This summer marks the 40th anniversary of the landmark film “Deliverance,” and Oconee County in South Carolina and Rabun County in Georgia – which border the Chattooga River where key scenes were filmed – are throwing a festival to celebrate.
The inaugural Chattooga River Festival, June 22-24, will feature an appearance by Ronny Cox, who played the character of Drew in the film and performed in the famous “Dueling Banjos” scene. Cox will perform with his band at the Rabun County Civic Center in Clayton the evening of Friday, June 22, and sign copies of his book, “Dueling Banjos: The Deliverance of Drew,” at Timpson Creek Gallery the following day.
It might seem surprising that the movie is being commemorated, given the disdain residents have expressed toward the film’s portrayal of the locals. In actuality, “Deliverance” isn’t set in either county but in the fictional locales of the Cahulawassee River and the town of Aintry. The fact that the festival is being staged at all proves that time heals most, if not all, wounds.
Festival organizers are quick to point out that the focus on “Deliverance” at this year’s event is due to the milestone anniversary. The theme going forward will spotlight the cultural and natural attractions this region of mountains and rolling foothills has to offer.
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Oconee County is filled with scenic lakes, hiking trails, wild rivers, cascading waterfalls and plenty of rural charm. You can raft for a day or two on the Chattooga and never see any development along its banks except for a couple of highway bridges crossing overhead.
There’s a reason “Deliverance” was filmed on the river, and Payson Kennedy has a lot to do with that. Kennedy is co-founder of the Nantahala Outdoor Center, and he played Ned Beatty’s stunt double in the film, or “canoe double” as he refers to his role.
The 80-year-old, soft-spoken Kennedy is a legend in the white-water world, still shooting Class V rapids with the occasional tour group. On a recent trip down Section IV of the Chattooga – the toughest section of the river where much of “Deliverance” was shot – he reminisced about working with the stars of the film, who didn’t have any previous white-water paddling experience.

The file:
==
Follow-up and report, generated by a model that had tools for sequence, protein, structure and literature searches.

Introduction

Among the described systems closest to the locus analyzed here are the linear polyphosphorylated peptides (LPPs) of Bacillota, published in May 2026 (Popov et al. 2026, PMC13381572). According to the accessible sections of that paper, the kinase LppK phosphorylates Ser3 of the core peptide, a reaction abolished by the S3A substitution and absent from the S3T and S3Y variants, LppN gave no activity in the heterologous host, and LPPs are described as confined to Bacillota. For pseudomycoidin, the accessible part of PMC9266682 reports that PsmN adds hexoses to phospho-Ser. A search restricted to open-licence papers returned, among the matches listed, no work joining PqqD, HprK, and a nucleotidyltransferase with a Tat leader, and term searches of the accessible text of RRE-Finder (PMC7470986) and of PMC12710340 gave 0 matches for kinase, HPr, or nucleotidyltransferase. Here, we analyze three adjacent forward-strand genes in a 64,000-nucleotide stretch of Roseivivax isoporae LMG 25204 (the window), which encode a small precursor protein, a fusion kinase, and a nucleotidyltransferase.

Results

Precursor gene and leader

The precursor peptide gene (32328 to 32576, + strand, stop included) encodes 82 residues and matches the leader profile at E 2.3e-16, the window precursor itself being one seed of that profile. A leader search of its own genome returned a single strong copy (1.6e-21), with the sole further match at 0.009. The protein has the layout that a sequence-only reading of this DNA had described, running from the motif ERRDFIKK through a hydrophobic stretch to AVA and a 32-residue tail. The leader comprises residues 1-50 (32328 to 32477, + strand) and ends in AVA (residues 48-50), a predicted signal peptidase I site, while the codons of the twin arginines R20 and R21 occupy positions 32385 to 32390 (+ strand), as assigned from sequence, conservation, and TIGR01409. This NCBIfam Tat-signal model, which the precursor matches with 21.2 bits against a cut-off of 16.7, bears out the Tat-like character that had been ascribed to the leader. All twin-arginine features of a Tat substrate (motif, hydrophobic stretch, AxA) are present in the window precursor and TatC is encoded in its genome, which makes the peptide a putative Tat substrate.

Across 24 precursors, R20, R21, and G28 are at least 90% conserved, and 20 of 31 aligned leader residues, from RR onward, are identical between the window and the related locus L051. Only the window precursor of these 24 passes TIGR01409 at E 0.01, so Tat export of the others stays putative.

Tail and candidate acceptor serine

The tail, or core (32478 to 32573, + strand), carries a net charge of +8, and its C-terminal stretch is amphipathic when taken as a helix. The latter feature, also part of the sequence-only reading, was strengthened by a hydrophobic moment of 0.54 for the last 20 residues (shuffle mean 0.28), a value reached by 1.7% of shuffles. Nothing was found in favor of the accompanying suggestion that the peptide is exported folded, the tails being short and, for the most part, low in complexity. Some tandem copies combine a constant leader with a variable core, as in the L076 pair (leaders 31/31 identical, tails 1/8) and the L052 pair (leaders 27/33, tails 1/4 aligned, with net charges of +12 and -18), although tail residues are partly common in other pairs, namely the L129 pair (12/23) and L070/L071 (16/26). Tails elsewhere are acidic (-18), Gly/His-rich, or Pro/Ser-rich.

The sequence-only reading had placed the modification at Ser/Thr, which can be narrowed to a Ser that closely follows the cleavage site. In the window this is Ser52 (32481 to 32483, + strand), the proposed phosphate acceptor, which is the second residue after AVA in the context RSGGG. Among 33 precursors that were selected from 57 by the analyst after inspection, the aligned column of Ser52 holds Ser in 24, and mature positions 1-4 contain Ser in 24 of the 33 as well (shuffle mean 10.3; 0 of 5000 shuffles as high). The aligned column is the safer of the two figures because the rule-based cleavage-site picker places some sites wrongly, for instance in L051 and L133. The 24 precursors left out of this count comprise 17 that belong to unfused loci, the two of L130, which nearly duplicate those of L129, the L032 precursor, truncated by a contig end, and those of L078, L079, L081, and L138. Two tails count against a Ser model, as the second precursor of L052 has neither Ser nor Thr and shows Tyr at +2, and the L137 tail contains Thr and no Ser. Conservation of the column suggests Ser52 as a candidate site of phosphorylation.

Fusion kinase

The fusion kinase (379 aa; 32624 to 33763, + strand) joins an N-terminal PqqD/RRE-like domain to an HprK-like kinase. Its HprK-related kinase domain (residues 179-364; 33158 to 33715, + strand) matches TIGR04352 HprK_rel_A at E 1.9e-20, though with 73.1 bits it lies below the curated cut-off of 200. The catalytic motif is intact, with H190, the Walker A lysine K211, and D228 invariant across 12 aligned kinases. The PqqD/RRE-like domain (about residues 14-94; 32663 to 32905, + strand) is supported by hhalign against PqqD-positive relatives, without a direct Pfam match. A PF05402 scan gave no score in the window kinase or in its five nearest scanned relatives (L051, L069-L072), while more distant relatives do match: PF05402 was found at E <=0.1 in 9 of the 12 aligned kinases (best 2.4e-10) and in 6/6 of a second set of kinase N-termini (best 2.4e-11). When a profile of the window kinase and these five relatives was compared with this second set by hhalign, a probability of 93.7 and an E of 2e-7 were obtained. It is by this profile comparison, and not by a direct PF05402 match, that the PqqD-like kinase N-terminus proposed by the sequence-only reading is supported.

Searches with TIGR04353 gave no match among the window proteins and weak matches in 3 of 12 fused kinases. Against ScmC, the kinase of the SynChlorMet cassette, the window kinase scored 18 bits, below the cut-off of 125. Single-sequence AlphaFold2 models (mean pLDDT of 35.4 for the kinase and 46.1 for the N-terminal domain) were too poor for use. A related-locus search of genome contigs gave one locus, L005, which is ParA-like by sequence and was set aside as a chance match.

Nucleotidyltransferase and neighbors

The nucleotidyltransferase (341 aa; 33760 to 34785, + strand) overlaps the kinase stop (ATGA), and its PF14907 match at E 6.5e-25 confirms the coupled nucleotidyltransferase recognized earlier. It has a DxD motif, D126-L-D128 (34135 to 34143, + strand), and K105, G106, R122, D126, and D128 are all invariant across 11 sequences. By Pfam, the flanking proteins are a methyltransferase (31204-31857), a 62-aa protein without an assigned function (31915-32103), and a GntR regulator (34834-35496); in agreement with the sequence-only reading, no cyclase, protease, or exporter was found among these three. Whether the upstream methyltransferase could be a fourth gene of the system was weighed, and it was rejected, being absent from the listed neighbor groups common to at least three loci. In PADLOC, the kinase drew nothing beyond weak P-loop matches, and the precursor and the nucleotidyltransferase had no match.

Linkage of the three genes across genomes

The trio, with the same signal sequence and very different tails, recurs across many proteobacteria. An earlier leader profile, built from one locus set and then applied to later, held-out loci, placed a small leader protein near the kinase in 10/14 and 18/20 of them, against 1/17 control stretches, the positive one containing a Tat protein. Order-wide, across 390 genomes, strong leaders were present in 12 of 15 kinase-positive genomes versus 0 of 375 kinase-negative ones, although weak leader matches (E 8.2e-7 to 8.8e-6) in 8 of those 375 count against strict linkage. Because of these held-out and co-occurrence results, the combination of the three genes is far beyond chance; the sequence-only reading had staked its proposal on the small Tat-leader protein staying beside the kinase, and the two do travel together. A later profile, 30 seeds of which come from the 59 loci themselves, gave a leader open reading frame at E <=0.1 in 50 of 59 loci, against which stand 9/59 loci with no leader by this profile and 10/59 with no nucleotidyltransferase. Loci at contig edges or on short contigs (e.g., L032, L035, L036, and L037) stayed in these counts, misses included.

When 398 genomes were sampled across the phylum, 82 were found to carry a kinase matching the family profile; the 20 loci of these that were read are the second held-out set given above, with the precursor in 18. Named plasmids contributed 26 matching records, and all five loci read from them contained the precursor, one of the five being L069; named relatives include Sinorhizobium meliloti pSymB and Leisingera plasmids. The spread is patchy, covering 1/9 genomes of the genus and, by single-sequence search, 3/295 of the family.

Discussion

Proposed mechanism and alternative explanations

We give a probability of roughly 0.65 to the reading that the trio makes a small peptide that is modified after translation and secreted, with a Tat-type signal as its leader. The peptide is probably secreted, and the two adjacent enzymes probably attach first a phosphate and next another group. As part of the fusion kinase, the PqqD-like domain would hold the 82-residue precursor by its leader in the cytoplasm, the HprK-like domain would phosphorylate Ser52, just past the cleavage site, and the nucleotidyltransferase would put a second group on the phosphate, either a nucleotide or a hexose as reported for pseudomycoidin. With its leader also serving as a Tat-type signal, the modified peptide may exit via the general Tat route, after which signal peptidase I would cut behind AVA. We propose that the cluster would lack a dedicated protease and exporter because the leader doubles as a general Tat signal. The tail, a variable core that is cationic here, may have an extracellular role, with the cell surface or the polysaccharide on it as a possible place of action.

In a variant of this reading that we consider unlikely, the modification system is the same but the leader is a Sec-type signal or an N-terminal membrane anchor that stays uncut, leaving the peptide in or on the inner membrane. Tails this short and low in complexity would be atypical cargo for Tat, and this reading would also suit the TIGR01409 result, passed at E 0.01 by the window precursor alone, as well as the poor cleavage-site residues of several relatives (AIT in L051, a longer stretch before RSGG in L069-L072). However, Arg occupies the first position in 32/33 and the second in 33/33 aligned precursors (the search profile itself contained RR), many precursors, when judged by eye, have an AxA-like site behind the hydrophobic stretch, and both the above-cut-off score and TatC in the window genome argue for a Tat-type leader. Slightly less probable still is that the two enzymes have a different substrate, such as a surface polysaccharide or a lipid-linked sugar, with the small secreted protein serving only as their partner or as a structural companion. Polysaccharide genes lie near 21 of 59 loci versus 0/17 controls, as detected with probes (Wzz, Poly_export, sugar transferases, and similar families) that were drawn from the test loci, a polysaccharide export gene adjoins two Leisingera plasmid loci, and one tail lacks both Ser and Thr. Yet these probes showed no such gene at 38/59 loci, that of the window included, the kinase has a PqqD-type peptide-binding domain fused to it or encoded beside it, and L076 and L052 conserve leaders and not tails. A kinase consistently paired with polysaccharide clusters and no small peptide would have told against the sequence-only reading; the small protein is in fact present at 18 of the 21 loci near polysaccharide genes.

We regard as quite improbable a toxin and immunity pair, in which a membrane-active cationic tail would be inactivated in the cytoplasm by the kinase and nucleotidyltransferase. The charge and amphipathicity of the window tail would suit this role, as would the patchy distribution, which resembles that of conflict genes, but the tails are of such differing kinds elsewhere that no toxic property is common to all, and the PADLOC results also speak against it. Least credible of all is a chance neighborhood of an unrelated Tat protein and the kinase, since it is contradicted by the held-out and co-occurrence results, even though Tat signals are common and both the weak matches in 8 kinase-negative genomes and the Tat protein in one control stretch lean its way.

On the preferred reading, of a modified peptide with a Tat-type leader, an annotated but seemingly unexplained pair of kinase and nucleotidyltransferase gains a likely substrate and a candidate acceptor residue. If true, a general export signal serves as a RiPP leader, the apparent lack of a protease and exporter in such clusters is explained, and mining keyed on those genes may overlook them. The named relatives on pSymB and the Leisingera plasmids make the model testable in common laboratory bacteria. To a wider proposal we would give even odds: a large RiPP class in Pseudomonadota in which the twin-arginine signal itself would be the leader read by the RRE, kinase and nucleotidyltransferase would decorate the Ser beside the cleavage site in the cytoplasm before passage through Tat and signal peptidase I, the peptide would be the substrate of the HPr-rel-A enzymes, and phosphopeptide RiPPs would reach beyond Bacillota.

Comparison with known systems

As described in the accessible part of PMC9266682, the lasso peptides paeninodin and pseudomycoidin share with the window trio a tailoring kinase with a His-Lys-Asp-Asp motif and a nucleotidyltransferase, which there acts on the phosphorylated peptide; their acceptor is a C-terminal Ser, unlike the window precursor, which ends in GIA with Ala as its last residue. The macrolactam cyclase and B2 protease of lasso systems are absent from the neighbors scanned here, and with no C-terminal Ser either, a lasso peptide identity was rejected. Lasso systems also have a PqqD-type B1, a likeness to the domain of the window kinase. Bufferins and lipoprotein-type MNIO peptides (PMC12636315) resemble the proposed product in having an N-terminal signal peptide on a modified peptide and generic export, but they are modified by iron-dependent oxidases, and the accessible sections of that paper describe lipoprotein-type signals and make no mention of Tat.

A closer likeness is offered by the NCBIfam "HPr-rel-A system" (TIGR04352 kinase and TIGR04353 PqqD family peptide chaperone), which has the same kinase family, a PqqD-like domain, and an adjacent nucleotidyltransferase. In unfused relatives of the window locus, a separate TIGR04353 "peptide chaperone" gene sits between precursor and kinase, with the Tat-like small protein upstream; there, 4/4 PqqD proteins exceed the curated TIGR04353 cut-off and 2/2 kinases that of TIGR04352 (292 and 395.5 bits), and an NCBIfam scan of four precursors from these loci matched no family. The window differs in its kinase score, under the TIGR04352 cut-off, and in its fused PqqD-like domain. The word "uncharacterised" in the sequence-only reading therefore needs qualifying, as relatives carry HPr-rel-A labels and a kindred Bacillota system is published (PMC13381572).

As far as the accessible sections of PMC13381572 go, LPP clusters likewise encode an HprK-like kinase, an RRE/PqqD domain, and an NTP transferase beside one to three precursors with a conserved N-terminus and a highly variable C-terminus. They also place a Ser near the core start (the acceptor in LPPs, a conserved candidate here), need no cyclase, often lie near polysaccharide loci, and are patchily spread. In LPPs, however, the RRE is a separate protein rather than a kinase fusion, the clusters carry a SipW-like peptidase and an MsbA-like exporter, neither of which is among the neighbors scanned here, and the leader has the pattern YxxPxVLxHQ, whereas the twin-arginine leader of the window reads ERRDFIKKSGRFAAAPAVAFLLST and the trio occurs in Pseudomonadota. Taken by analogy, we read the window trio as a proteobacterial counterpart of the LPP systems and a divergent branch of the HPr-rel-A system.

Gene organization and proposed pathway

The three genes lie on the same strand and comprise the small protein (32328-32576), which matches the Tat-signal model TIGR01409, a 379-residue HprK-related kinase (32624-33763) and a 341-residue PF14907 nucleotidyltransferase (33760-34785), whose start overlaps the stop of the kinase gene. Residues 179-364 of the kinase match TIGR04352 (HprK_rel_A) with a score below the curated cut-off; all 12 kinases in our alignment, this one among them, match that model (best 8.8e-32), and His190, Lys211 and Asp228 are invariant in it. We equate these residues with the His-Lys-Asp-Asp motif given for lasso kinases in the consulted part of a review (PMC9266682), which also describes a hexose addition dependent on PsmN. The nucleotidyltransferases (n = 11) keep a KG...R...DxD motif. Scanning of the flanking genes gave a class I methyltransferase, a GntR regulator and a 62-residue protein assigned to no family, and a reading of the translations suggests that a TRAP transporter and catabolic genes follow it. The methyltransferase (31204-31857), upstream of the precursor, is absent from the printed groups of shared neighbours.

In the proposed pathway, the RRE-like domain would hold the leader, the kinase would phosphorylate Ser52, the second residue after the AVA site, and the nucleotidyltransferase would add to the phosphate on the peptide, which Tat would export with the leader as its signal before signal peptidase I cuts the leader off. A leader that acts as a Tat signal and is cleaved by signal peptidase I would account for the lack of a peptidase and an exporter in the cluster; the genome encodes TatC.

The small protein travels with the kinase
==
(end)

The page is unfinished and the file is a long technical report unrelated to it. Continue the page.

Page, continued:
“All those guys picked it up pretty good. You can see them in the film running some of these rapids in an open canoe,” he says. “I was impressed by that. I can spot myself in a scene or two.”
He also remembers running the crew and expensive film equipment down the river, because it was logistically impossible to do it any other way in such a wilderness location. At a certain bend, Kennedy points out the spot where the movie’s most infamous scene was shot – “the, um, love scene,” one of the river guides says, for lack of a better description. “I wasn’t there the day they shot that scene,” says Kennedy.
The main setting for the festival is at nearby Chattooga Belle Farm in Long Creek, S.C., a small rural community populated by farmers and young, outdoorsy types who moved here to be near the river, giving this country locale a free-spirited vibe.
The 138-acre farm has a disc golf course running through its working orchards and vineyards and offers one of the more scenic vistas in Oconee County, making it a perfect location for the festival.
Festival activities at the farm will feature musical performances on two stages, including Atlanta favorites Michelle Malone and Heather Luttrell, a “Dueling Banjos” competition and the Banjo Boogie Hills ‘n’ Chills Fun Run, a 5-kilometer cross-country race through the orchards that includes a swim across Horseshoe Lake. Primitive camping will be available.
The festival concludes June 24 with a special Sunday night screening of “Deliverance” at the Tiger Drive-in, a 1950s-era drive-in theater in Clayton.